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Tonawanda Reservation Map and Occupants, 1890
Posted By Dennis Partridge On In Native American,New York | No Comments
The Tonawanda Reservation, in the counties of Erie, Genesee, and Niagara, New York, as originally surveyed in 1799, and as reserved by the treaty at Big Tree, covered 71 square miles. Coincident with a treaty between the United States and this band of Seneca Indians, March 31, 1859, promulgated November 5, 1859, the claim of the Ogden Land Company was extinguished, and the present reservation limits embrace 7,549.73 acres, lying partly in each of the counties of Erie, Genesee, and Niagara.
One heavy dirt road, almost impassable in the spring or an ordinarily wet season, runs out from the center of Akron, sending a fork into the reservation at a distance of more than 3 miles. A second road, running northeasterly from Akron, enters the reservation at a distance of about 25 miles, at the point where the West Shore railroad enters the reservation, as indicated on the map. Up to this point the road is very well maintained. Half a mile from this point lies a triangular piece of land, which is occupied by the Indian Baptist Church, the Indian Methodist Church, an old council house, schoolhouse No. 2, and the new house of Eliza, with of David Moses, a chief of the Wolf tribe, and a prominent member of the christian party.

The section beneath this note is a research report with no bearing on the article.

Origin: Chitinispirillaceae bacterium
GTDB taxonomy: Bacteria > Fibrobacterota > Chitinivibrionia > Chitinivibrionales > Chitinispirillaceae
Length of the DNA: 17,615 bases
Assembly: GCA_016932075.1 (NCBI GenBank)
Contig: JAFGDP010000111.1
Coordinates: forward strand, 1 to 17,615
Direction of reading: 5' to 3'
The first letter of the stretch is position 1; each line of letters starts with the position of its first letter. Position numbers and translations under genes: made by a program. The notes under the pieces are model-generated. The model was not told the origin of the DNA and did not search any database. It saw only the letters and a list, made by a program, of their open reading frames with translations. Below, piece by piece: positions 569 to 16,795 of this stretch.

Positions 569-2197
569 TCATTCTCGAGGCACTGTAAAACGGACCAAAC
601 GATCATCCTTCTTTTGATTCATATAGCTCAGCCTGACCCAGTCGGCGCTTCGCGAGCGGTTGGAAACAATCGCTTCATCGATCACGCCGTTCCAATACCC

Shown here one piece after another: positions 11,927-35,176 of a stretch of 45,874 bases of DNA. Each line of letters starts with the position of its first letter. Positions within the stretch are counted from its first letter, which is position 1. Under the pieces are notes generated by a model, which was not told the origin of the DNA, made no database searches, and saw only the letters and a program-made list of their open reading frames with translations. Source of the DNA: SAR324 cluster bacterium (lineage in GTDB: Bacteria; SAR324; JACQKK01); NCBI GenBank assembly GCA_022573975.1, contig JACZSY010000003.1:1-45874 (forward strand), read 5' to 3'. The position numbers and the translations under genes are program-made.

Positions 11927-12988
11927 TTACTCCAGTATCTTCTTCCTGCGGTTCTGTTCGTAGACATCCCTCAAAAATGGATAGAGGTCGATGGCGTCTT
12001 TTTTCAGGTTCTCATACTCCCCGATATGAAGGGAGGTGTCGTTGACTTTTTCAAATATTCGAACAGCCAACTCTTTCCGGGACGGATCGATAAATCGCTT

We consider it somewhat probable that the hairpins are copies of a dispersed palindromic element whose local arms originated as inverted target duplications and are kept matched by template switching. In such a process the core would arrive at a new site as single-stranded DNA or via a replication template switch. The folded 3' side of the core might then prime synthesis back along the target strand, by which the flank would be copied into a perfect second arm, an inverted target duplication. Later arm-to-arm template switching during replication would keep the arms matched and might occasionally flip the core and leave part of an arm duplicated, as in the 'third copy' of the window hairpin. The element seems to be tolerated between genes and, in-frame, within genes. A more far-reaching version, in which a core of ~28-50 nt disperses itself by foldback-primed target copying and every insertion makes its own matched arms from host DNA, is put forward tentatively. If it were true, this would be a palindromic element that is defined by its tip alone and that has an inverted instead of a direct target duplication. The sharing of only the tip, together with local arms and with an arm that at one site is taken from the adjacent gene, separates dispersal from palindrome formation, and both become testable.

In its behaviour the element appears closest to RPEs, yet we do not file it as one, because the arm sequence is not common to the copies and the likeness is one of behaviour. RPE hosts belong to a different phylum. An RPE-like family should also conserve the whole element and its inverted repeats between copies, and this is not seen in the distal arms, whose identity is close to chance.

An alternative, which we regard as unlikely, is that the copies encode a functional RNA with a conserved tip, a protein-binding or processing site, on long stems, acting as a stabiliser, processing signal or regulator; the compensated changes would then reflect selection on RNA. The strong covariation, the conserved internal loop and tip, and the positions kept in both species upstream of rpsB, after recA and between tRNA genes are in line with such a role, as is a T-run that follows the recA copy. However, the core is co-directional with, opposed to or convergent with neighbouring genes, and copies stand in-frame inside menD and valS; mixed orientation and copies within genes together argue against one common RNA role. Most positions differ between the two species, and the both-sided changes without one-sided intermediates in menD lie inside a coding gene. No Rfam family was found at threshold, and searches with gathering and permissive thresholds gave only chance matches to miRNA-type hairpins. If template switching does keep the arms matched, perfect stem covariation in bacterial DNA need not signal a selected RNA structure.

From this central triangle 3 roads take their departure. The first runs northwest, leaving the reservation by a bridge across Tonawanda creek, near the canal feeder. The last farm on the left, one of the best on the reservation, belongs to an elder in the Indian Presbyterian Church, and a man in high repute. The road running, southwardly from the central triangle passes off by the southeastern corner of the reservation into the town of Pembroke by “Indian Village”. The third road from the triangle runs almost parallel with the railroad through the reservation to Alabama Center. Reference is made to the map for the crossroads, all of which are poor, and some of which are mere trails through woods and brush.
About half this reservation is under fence, but as a rule the fences, except on the main roads diverging from the center, are not well maintained. New houses and new roofs indicate improvements in many quarters. The same maybe said of the Onondaga, but not as emphatically as of other reservations. The number of acres cultivated by the Tonawanda, Indians during the census year was 2,200, but nearly as large an acreage, or about 1,700 acres, has been cultivated by the white lessees, or on shares.
The northeastern portion of the reservation, marked as public domain, is covered with brush and small timber. Nearly all the land of the reservation, except about 500 acres, can be farmed, and the supply of water is abundant. Some portions are swampy, but not low, and when drained will be most profitable and fertile. Improvidence in the early years of settlement wasted valuable timber, but the supply for fencing and fuel is adequate.
We have carefully copied the names listed on the map in hopes it will provide a better record but also help you in your search for ancestors.
Section A – Red
Niagara and Erie Counties
Cultivated Tract Called the Green Farm
Thomas Jones (Genesee County)
Warren Sky (Genesee County)
Section B – Blue
Erie and Genesee Counties
Wm A. Nick
Sally Smith’s Heirs
Old Council House
Old Fair Ground
C. Doctor (vacant)
F. Doctor (vacant)
Peter S. Smith & Louisa Sundown
Mary Doxstator & Samuel Poodry
Section C – Orange
Site of Ancient Council House
William R. Moses
Julia Smith Abram
School House #1
Proposed Farm School
Edward M. Poodry’s Farm
John Griffins Farm
Section D – Green
Old Site of Council House
Maria Parker & Freddie Parker
Widow & Jno. Kennedy
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